Hagerstown, MD asked in Small Claims for Maryland

Q: Can I go to small claims court?

I had planned to go on a beach trip with my ex friend and her family in December. I gave my portion of the payment of $616 to my ex friend on May 4th. She told me at anytime I changed my mind, I could get my money back. I notified her October 13th I would not be able to go as some other things came up and asked for a refund. There were no signed agreements and I have the proof of payment I sent to her that says for Winter vacation. I have even texted her to make it clear I would like the money back by December 15th and she responded by text that she will repay me so I have it in writing. If she does not return my money, can I take her to small claims court to recoup it? If she does not repay me by December 15th, how do I go about filing in small claims court? Can I ask her to pay court fees if I have to file and can I ask the courts to issue a bank garnishment or employer garnishment? I hope I don't have to take things further but I need to know what my legal options are at this point?

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1 Lawyer Answer
Mark Oakley
Mark Oakley
  • Rockville, MD
  • Licensed in Maryland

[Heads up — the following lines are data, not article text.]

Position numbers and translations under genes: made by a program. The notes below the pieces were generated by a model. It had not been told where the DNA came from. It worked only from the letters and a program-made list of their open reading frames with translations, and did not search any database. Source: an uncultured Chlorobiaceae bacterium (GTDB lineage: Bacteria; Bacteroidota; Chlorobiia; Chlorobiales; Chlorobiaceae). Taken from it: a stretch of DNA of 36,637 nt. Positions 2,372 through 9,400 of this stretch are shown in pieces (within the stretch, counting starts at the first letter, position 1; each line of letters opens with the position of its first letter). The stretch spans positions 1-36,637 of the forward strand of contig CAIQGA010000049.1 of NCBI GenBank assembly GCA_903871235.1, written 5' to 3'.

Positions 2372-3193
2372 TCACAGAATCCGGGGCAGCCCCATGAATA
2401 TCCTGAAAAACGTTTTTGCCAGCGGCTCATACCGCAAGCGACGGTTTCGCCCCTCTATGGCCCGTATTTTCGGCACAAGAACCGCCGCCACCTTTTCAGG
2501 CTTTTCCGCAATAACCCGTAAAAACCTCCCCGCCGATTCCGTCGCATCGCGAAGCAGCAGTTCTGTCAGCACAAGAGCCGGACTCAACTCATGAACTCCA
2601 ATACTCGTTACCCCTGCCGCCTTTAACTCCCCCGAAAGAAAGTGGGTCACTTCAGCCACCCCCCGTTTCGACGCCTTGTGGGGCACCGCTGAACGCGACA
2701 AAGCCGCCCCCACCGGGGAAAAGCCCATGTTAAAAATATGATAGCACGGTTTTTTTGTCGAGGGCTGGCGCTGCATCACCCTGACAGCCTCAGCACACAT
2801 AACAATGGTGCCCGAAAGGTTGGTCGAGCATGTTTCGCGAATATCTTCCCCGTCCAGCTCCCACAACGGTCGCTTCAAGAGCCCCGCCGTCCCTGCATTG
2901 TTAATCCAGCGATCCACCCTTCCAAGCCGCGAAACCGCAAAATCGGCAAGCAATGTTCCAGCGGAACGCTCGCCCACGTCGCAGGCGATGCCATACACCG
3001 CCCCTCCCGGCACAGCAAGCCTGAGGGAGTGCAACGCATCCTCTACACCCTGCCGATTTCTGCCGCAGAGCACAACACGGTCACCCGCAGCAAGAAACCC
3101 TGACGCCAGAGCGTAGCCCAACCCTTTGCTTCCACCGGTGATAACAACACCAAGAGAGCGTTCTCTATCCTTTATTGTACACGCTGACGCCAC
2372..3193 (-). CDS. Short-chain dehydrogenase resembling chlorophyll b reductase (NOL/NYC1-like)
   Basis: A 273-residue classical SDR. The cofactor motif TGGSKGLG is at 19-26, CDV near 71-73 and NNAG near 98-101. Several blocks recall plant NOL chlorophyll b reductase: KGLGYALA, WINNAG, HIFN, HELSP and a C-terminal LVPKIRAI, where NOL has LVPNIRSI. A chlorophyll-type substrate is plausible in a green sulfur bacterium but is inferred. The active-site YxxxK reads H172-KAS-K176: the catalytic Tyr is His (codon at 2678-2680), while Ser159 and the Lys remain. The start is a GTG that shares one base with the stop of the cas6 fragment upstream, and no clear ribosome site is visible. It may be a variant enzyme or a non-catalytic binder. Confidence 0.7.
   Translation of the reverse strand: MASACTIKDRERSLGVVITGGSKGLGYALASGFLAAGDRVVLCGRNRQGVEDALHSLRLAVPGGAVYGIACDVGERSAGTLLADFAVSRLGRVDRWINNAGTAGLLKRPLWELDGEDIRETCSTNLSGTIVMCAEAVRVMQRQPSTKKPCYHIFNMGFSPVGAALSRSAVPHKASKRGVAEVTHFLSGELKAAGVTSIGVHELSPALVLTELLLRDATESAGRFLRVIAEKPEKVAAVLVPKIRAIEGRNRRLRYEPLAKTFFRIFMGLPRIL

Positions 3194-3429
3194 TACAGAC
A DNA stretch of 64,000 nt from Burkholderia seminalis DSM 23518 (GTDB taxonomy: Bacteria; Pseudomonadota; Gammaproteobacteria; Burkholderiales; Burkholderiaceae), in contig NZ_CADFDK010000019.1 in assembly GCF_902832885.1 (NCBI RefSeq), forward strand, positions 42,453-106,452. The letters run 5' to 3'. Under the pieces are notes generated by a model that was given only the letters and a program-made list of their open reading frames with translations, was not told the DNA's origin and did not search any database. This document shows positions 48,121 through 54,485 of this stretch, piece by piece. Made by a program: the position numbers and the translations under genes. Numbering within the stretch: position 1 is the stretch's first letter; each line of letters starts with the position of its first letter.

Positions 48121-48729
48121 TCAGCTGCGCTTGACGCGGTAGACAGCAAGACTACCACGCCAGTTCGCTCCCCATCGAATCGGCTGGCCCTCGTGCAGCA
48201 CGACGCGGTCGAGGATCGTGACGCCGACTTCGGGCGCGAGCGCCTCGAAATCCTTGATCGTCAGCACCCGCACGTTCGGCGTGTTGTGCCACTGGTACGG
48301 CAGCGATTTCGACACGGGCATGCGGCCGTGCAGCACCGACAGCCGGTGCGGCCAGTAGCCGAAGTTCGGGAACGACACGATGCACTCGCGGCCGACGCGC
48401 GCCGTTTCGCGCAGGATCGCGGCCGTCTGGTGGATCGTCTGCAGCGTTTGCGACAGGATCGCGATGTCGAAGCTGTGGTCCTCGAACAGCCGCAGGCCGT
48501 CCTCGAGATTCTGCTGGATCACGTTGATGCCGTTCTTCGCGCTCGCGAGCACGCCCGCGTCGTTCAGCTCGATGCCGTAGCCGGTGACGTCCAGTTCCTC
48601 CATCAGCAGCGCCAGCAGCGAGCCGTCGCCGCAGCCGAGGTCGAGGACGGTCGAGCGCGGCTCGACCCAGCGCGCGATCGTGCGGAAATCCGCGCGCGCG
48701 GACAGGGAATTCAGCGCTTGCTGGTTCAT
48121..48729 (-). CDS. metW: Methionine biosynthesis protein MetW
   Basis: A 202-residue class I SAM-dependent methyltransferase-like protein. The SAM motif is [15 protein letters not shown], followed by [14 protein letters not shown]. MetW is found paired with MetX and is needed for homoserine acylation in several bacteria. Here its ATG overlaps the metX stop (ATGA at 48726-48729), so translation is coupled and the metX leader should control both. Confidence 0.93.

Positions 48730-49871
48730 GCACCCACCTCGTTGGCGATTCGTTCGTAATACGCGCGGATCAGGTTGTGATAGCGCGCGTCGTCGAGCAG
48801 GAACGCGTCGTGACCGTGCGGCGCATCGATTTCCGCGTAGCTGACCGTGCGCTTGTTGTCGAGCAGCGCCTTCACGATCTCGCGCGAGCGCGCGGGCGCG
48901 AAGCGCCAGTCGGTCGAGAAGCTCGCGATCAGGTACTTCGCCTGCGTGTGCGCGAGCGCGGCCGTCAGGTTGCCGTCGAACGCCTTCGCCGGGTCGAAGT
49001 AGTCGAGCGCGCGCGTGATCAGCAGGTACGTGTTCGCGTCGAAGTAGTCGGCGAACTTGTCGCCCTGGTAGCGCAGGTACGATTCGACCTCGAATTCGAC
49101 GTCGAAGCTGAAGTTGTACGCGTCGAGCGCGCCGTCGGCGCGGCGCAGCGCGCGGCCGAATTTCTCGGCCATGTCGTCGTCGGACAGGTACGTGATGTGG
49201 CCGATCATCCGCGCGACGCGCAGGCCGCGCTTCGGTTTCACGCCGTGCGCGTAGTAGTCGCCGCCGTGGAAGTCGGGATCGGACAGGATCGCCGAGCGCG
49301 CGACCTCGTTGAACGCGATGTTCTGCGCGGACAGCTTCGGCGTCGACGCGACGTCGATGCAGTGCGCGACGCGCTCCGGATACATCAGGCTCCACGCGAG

A: Her emailed response that she would refund you the money will help corroborate your claimed terms of the agreement that the money you paid was refundable at any time, but the "at any time" term is probably not one actually confirmed in the email--just that she would refund you the money. I mention this because, depending on how close to the vacation date that you canceled on her, she could claim that they were placed in a position where they could not get someone else to take your place and pay in your stead (assuming they made the vacation plans in part on reliance of having someone else help pay the costs), or if they incurred extra tickets, room expense, etc., to cover your going, and now it is too late to cancel those extra costs. The best scenario for you is that the vacation costs did not depend on your going or not, such that they already incurred or planned to incur the same costs regardless of whether you went. Assuming you sue and obtain a judgment, the court can and will award your court costs, which consist of the filing fee and service of process fees (typically capped at the fee the Sheriff would ordinarily charge, even if you used a more expensive private process server). You can also request pre-judgement interest, which is 6% simple (non-compounded) interest per year (you will need to calculate that for the court for the portion of the year involved). Once you have a judgment, then you can request issuance of a writ of garnishment on her wages, by serving her employer; or a writ of garnishment on her bank account(s), if you know what bank she banks at. A judgment earns interest at 10% per year.

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